Just over a quarter of the public thinks senior military officers authorized the abuse of prisoners. But many -- though not a plurality -- still think that senior military officers should be held responsible. 40 percent say they should be held responsible; 46 percent would limit blame to the individual soldiers involved.

SHOULD HIGHER MILITARY OFFICIALS BE HELD RESPONSIBLE?
Yes
40%
No
46%

Opinions are divided as to how senior military officials handled the scandal. 43 percent think officials at the Pentagon tried to cover up the allegations, and 39 percent think they investigated them.

DID THE MILITARY TRY TO COVER UP OR INVESTIGATE?
Cover up
43%
Investigate
39%

And most Americans don't think the principle reason that military officials have expressed public distress is that the abuses happened. Instead, Americans believe that the military officials are upset because the public found out about the abuses.

MILITARY OFFICIALS ARE MOSTLY UPSET BECAUSE…?
The abuses happened
29%
The public found out
61%

THE ADMINISTRATION'S RESPONSE
The President and his team receive slightly better assessments than the military when it comes to the public's view of their handling of this situation. 51 percent say the Administration has taken the reports seriously, though 36 percent disagree.

HAS BUSH ADMINISTRATION TAKEN REPORTS SERIOUSLY ENOUGH?
Yes
51%
No
36%

Just over a third think Secretary of Defense Donald Rumsfeld should resign or be removed from office because of the scandal. 53 percent say he should remain. Support for Rumsfeld's removal in this poll, while still less than a majority, is somewhat higher than in polls conducted last week.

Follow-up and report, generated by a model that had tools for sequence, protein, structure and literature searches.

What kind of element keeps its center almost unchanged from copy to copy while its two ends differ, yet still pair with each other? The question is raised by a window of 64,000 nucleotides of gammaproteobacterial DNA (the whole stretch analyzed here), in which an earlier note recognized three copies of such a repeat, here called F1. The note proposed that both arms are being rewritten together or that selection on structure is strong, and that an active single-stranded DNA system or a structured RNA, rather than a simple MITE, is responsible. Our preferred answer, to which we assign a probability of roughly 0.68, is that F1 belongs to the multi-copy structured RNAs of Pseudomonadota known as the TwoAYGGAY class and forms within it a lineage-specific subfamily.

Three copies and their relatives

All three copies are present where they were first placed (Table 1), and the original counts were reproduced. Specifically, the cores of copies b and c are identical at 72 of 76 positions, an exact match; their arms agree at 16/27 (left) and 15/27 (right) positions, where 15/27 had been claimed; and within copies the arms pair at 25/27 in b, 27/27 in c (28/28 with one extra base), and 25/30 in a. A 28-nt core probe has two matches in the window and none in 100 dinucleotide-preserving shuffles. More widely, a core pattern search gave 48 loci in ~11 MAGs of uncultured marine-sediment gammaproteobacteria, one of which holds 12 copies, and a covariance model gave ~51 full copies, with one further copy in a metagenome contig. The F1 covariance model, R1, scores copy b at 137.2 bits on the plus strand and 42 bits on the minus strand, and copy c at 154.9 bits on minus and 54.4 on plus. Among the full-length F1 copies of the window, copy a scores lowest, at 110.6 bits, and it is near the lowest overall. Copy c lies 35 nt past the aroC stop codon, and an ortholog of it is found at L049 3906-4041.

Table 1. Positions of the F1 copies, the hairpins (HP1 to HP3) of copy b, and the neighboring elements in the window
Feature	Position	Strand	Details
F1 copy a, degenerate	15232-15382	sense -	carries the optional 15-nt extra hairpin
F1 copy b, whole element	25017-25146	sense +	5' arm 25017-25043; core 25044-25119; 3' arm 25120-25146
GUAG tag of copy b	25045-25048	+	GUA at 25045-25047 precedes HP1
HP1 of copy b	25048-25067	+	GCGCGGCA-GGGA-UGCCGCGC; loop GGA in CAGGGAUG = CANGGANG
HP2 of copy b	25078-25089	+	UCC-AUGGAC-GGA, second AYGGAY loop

SHOULD RUMSFELD RESIGN AS SECRETARY OF DEFENSE?
Yes
37%
No
53%

Overall, Americans are divided on how they evaluate Rumsfeld's overall performance. Just about the same percentage approve as disapprove of the way he is handling his job as Secretary of Defense.

DONALD RUMSFELD JOB PERFORMANCE
Approve
43%
Disapprove
45%

Republicans and Democrats evaluate Rumsfeld differently. 57 percent of Democrats say Rumsfeld should resign, compared with only 13 percent of Republicans.

THE PRESIDENT
Evaluations of the way George W. Bush is handling the situation in Iraq continue to slide. 39 percent, the lowest rating in the CBS News Polls, say they approve of the way he is handling the war in Iraq.

BUSH'S HANDLING OF WAR IN IRAQ

Approve
Now
39%
Two weeks ago
41%
12/2003